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The Long Night

The Long Night

“You’re just like your fucking father!” That’s the last thing she said before slamming the door in my sorry face. According to my watch, It’s seven-thirty. I should be at home eating the dinner that my wife slaved over with her and my boy, but new girl Nia left me an unnoticed lipstick stain on my brand new shirt that my son, Avery, got me for Christmas, so tonight’s plans have changed.

As I looked up at the glowing moonlight, It felt like some calm and bliss from this waking nightmare until I noticed the approaching clouds blocking the light’s grace. My streak of luck just keeps going tonight. Mary didn’t even give me a chance to pick up my wallet from the kitchen counter. She just yelled me out the door. She was barely coherent; all that I remember comprehending was multiple spoutings of “I do so much” and “I try so hard,” as if I did not know that already, but I think she was reassuring herself more than she was yelling to me. It was a miracle that I even managed to get a coat and hat before being chucked out of the house. I cannot dwell on what could have been right now; I have got to find a place to sleep for the night.

It is eight now, and as I walk through the dampening sidewalk, the only thing lighting my paths are the dimly lit lamps begging for a new bulb and the broken neon lights of the cafes and liquor stores abundant in this part of the city. I shouldn’t be here, mistakes were made, but I also care unconditionally for my family, and doesn’t that count for something? Mary is probably taking this hard right now; I haven’t seen her this angry since I forgot to pick up Avery from his camping trip because I indulged in some imported sake during a business meeting. She was greatly annoyed, but she never looked as hurt as she did tonight.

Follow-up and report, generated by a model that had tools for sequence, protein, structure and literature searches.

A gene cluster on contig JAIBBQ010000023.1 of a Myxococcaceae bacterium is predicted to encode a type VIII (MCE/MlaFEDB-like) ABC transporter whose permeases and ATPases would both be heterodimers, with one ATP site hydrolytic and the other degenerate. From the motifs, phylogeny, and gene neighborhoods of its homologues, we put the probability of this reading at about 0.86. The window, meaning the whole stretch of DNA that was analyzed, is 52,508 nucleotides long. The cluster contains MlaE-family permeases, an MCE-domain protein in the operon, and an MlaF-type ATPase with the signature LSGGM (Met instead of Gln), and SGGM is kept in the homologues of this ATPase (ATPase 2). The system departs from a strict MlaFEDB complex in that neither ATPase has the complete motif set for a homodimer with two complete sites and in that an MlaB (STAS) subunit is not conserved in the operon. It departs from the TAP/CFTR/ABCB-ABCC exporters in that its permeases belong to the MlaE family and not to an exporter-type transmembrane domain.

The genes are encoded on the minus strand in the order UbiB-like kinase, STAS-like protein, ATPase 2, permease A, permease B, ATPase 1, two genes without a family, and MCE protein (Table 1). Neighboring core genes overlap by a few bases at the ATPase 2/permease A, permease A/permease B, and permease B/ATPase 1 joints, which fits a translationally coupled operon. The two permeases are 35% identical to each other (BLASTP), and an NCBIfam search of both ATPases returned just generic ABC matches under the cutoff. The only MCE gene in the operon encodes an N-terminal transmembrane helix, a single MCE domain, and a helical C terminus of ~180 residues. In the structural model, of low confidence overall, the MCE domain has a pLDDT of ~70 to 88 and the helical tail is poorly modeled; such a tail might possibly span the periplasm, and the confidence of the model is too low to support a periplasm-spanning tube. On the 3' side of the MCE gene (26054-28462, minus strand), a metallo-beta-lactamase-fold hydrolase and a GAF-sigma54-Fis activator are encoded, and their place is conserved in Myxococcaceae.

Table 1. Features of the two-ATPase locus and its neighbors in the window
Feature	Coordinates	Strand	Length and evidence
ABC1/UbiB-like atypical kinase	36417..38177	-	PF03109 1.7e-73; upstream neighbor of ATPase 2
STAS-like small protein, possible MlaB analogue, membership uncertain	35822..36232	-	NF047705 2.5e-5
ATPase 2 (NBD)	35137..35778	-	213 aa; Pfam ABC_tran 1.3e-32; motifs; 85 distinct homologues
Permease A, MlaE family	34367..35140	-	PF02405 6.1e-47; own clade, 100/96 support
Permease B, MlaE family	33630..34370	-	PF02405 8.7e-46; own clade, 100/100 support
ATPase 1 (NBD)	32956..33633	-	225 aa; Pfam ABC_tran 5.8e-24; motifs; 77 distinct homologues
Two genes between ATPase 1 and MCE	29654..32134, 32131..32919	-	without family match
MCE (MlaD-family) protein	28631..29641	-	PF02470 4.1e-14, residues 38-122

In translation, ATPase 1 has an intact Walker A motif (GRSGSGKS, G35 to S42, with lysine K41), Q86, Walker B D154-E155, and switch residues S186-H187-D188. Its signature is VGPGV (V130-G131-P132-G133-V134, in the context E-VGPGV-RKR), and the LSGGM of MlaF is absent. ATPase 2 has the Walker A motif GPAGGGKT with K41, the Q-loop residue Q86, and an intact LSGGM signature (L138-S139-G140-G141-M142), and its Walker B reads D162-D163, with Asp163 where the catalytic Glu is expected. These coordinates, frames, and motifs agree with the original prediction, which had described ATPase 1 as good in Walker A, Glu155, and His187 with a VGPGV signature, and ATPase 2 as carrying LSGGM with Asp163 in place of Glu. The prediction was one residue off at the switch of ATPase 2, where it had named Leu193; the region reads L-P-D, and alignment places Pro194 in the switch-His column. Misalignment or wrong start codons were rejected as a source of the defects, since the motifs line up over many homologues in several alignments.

I just wish she knew how much I loved her; this was just a quick fling, just to get it out of my system. I would never want to destroy the relationship I have with her. I only started this because she was just not getting in the mood anymore and was too focused on the boy, his studies and his general state of mind. I know Avery has problems, but he’s just a student. How many problems can a kid who is only responsible for his grades and respecting his parents have? When I was a boy, my old man got around, and yet he would always give my Mother a hard time about it. I thought I was handling it right; I didn’t give Mary grief or blame her like my old man did my Mother.

My old man would go on and on about how my Mother “didn’t try anymore” and how she “was acting unladylike around his friends.” I would never put Mary through all that bullshit. Hell, I am a better father than he ever was. He barely acted like a father when he was around and when he just up and left during a late night with his coworkers; all he left Mom was pain, and all he gave me was a sense of shame whenever I looked in the mirror and saw his face.